I travel a lot. Most of the time on airplanes. As a frequent traveller I’ve had my share of good experiences and bad, but what I’ve learned above all else is that you have to have a good attitude. That’s not to say that a friendly smile will ensure that your travel goes picture perfect — it won’t. You will still experience delays, missed connections, and rude TSA agents. But staying positive means that you will save yourself a lot of stress throughout what is more often than not a less than pleasant affair (especially if you’re flying coach, like me).
Take my most recent travel as an example. As I often do, I was checking in at PHX for my flight to London Heathrow, with a connection in San Francisco.
Welcome to US Airways automated check-in kiosk! Please swipe your passport to begin. I went through the motions, opting to not pay $35 to upgrade to a non-middle seat, when suddenly, “We cannot process your request. Please see a ticket agent to complete check-in.” The ticketing agent was happy to help, as they often are but, puzzled, said she’d need to speak to her supervisor.
No problem, I thought. If anything goes horribly wrong, I’ll just demand a First Class upgrade! Every time I travel, I secretly hope that the airline screws up royally and decides that the only way of appeasing me is to upgrade me to First Class free of charge for the trans-Atlantic portion. Hasn’t happened yet.
“Well, you’re checked in,” she said pessimistically, “but you have less than an hour to connect in San Francisco. Who booked this flight for you?” she asked.
“I did. Online.” I explained.
“I don’t know why they let you book this flight. Normally we require two hours for connections onto international flights.”
At this point I needed to get on with the first leg of my journey, so she wished me luck, and on I went. I was probably not as worried as most people would have been. But, there was nothing I could do to make up any more time. The best I could do was hope for an early flight into SFO and short security lines.
Unfortunately, as is typical with airplane travel (especially when you need a break), things didn’t go according to plan. As our aircraft sat on the 112 degree F Phoenix tarmac, its interior heated to more than 90 degrees*, requiring that the crew cool it down before allowing boarding to begin. The plane took off 30 minutes after its scheduled departure time.
Magically, thanks to this new trend whereby airlines seriously overestimate flight times in order to have a better on-time flight record, wheels touched down at SFO just one minute after our scheduled landing time. I still had a chance to make my connection!
Even more magically was that I just happened to be sat next to a woman who worked at SFO and knows the lay of the land. “You’re connecting to Terminal 3,” she informed me, “the international terminal.”
“I have to change terminals? That will take a lot of time! Do I need to take the SkyTrain?”
“Yes, but it’s not far,” she assured me. “Follow me. I’ll show you where to go.”**
One of the flight attendants, Robin***, was also concerned that I wouldn’t make my flight, and was as shocked as the ticket agent that I was even allowed to book it. “I wish there was more I could do!” she said. “You’re connecting with United? Direct to London? Tell you what, I’ll call their gate agent and tell them you’re on your way!”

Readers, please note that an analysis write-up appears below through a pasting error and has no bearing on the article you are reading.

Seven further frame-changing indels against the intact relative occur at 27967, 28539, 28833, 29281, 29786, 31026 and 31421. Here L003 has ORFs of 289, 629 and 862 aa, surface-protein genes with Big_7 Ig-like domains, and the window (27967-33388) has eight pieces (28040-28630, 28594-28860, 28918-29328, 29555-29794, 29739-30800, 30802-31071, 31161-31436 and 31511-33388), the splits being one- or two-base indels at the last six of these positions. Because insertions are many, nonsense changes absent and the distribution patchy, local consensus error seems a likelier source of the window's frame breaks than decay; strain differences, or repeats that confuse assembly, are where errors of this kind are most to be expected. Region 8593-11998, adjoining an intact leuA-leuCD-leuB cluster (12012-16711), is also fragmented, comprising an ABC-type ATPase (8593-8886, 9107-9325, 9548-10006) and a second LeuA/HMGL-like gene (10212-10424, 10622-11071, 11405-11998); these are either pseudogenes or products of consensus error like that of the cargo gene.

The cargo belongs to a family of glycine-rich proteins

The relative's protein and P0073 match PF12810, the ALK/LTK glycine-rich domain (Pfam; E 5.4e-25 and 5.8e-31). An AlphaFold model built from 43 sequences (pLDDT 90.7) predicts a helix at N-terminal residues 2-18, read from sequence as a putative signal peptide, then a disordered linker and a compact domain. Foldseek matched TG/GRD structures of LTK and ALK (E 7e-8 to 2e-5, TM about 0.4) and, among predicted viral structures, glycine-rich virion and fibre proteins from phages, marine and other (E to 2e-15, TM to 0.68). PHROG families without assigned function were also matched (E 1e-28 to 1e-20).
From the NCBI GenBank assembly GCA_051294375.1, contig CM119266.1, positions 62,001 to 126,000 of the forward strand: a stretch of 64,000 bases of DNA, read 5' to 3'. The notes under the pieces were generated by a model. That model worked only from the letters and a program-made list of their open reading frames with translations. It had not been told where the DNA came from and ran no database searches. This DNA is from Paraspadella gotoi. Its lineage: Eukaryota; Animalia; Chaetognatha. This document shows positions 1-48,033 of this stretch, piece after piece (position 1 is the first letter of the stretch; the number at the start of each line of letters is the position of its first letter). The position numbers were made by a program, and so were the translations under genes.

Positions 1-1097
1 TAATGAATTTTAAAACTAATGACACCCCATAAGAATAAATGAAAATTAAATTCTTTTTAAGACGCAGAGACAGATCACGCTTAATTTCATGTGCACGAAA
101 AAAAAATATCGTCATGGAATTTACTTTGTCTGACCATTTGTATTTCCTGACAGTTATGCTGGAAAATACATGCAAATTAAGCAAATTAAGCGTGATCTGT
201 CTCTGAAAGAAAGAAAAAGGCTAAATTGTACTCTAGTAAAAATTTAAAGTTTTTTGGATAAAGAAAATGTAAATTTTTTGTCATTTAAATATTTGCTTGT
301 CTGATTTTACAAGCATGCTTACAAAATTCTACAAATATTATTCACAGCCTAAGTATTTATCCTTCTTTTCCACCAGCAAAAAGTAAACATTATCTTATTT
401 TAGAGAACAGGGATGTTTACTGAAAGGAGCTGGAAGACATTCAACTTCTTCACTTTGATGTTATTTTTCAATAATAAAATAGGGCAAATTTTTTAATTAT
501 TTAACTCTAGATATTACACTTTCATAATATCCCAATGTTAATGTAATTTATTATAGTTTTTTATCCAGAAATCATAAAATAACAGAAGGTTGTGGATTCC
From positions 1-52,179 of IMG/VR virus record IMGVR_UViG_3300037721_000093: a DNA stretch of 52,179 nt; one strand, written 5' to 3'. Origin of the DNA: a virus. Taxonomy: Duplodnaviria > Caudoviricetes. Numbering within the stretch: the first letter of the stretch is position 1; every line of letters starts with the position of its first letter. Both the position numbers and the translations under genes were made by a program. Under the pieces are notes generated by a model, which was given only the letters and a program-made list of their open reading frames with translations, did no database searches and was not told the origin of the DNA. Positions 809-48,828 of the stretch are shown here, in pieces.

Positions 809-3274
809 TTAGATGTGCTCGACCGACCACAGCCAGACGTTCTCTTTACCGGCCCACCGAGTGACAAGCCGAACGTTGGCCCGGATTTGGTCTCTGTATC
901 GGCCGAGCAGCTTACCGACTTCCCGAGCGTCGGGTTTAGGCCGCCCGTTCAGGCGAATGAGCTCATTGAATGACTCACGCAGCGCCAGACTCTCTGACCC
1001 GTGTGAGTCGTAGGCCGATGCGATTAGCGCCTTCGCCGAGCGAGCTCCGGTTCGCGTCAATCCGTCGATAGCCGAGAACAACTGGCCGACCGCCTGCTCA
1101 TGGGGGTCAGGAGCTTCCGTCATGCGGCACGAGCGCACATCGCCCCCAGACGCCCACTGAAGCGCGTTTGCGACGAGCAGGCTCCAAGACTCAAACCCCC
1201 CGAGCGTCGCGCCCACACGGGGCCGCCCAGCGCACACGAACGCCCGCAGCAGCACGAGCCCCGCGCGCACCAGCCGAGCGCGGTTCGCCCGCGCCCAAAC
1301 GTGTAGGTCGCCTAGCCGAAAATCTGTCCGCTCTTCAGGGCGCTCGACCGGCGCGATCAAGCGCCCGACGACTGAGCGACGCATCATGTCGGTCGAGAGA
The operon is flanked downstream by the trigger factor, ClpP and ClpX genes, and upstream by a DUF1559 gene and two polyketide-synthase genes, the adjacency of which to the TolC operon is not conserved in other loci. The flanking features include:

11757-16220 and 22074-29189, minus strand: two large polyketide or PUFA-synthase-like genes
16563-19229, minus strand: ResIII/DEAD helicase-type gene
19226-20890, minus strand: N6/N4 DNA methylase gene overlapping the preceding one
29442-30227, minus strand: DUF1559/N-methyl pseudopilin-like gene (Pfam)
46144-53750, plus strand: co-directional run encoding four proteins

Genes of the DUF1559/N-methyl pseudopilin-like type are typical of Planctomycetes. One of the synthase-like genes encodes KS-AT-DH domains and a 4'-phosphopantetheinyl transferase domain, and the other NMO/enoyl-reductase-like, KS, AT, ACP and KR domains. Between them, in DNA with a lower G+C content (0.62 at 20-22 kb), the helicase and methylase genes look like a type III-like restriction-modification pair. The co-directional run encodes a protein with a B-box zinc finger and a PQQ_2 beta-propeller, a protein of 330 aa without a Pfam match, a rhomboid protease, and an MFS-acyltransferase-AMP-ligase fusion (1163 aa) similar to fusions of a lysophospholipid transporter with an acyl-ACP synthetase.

As soon as the flight began deplaning, woman in 10C and I were on our way. “Take the SkyTrain to G,” she said, “And, good luck!”
Everyone was pulling for me. And, hey, if I missed my flight it’d be the airline’s fault. Grounds for a First Class upgrade? Doubtful, but a girl can dream.
After a not-so-horrible trip through security for the second time that day, I began my sprint down the seemingly never ending corridor that is International Concourse G. Big backpack bouncing against my back and beads of sweat beginning to form on my forehead I hear an announcement come over the loudspeaker.
“This is the final boarding call for flight 930 direct to London Heathrow!”
“Again, this is the final boarding call. All passengers wishing to travel on flight 930 direct to London should be aboard the aircraft now!”
I pumped my legs a little faster and ran down the escalator leading to the gate. Passport in hand, I ripped out my boarding pass and began victoriously waiving it in the air.
“Dum da da DAAA!” I announced, “I made it!!”
The gate agent was not amused. I explained the short connection situation, but he didn’t seem to care. Whatever! I made it! The fact of the matter is, though, I had no control (minus, of course, a gold-medal worthy several hundred meter dash) over whether or not I was going to make this flight. I very well could have spent that night sleeping on a bench in SFO waiting for the next available flight home.
Am I glad I made that flight? Darn right. Would I have been fussed if I’d missed it? Maybe a little. But the thing is that I knew the situation and accepted my fate from the get go. And I honestly believe that my positive attitude was a key ingredient in stirring up sympathy from 10C and Robin, two people who I couldn’t have done this without.
So, after all that, I managed to make my flight. The moral of the story? Stay positive! Oftentimes you’ll be dealt a crappy travel day. Don’t fight it; that’s a losing battle. Know that these things can happen, and hope for the best. And if you get stuck somewhere overnight, hope they have free wifi.
*Fun fact: the magic number below which the temperature of the inside of an aircraft must fall before passengers are allowed to board is 85 degrees F.
**I never did get that woman’s name, but to any high up US Airways staff: she was sitting in seat 10C on flight 409 PHX to SFO on August 16th. Give this woman some free miles or something!
***Robin’s name I did get, as it was on her badge. Hey, US Airways! Give this woman a raise!